When we met with Harvard researcher Yascha Mounk in Stockholm, it was clear that the main topic of our conversation would be the field that he is an expert in and that we here at the podcast have been coming back to again and again over the course of the last few months: The question of populism, how to define it and how to fight it.
“We may be in for a rough ride”, this is how Mounk started the conversation while at the same time refusing the claim that he is “the gloomiest guy in the room” – and he continuously worked his way from a rational analysis of this worldwide threat to liberal democracy exemplified by the like of Trump, Modi or Erdogan towards a call for optimism at the end of the one hour-long discussion.
The point of departure was the assumption that different forms of populism or populist politicians don’t have shared values or shared public policies, but that they share a political vocabulary and a moral imagination: The elites are corrupt and self-serving, and all we need to do it to give voice to the real people and solve all of the problems. But once it becomes clear that this is not working, they start to blame other, the press, judges, foreign enemies, for these persistent failures.
As for the drivers of populism or “the populist uprising”, as it is sometimes called, Mounk named three factors: One is economic, the stagnation of the living standard in most of the Western world where the standard of living has doubled between 1945 and 1960 and again between 1960 and 1985 and since then has stagnated; the second is cultural, mainly the fear of immigration in countries founded as mono-ethnic and mono-cultural; the third is social media and the internet, this “architecture for outrage”, as Karin Pettersson put it.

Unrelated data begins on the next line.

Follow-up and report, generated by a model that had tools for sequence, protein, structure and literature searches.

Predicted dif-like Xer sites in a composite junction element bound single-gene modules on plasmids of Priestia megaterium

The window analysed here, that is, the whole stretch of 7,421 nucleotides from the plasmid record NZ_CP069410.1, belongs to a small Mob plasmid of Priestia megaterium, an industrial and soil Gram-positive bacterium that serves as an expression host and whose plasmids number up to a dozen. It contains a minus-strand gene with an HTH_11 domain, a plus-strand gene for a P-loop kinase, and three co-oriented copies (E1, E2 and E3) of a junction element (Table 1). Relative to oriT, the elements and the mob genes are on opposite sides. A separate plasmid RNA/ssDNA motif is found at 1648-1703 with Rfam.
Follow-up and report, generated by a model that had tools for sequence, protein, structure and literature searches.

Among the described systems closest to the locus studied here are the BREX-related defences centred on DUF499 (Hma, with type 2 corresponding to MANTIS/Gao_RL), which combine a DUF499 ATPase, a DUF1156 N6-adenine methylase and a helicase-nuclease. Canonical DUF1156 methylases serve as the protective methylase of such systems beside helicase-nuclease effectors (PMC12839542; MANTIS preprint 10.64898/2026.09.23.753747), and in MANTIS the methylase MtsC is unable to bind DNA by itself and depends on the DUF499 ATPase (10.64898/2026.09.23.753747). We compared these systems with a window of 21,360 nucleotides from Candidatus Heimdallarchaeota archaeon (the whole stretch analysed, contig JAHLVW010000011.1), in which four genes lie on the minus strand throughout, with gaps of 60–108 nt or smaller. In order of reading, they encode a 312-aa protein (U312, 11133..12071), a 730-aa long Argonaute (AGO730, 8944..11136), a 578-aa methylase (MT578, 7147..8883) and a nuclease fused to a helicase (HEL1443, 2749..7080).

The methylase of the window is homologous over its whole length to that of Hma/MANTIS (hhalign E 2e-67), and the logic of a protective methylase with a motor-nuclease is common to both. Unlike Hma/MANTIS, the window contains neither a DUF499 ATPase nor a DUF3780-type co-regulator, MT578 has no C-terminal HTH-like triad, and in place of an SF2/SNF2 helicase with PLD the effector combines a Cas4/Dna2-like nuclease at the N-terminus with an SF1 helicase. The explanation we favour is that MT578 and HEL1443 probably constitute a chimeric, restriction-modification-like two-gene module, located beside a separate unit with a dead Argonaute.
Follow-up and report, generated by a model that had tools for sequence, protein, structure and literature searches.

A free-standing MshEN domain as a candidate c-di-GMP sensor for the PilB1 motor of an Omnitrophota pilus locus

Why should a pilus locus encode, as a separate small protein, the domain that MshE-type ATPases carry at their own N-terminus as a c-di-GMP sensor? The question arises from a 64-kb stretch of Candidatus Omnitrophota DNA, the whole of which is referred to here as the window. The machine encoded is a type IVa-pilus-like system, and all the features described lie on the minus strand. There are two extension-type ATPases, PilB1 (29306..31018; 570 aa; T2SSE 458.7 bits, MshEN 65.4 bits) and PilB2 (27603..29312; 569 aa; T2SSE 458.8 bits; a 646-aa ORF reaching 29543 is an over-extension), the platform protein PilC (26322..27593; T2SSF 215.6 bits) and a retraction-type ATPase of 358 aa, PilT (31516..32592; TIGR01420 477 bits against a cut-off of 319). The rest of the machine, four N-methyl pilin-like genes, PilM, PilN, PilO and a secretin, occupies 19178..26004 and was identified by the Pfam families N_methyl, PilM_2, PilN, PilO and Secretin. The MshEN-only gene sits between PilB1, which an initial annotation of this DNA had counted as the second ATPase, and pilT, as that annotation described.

The question at this moment, Mounk claims, is to figure out how to move forward, how to create a sort of inclusive nationalism, re-appropriate a sense of patriotism, “because if we leave it to the right it becomes dangerous”, as he says. “We need to figure out how to build a sense of togetherness.” And as “the nation and the state is what we have”, as Karin Pettersson put it, “we have to work with it”, attacking this void that’s present in the discussion about hyper-globalization for example, addressing the people who feel left behind both economically and in terms of representation.
Democratic stability might have been a really exceptional phase, said Mounk, and it seems to have coincided with economical stability. So what does it take for democracy to be stable? What makes a society work? In his book “The Age of Responsibility”, Mounk offers the version of decline of cohesion, from a a welfare state that is buffering responsibility to one that is tracking responsibility. “We have to look for a new mandate”, he says. “We have the values, we just have to defend them more aggressively. It is only going to work if we instill optimism in people.”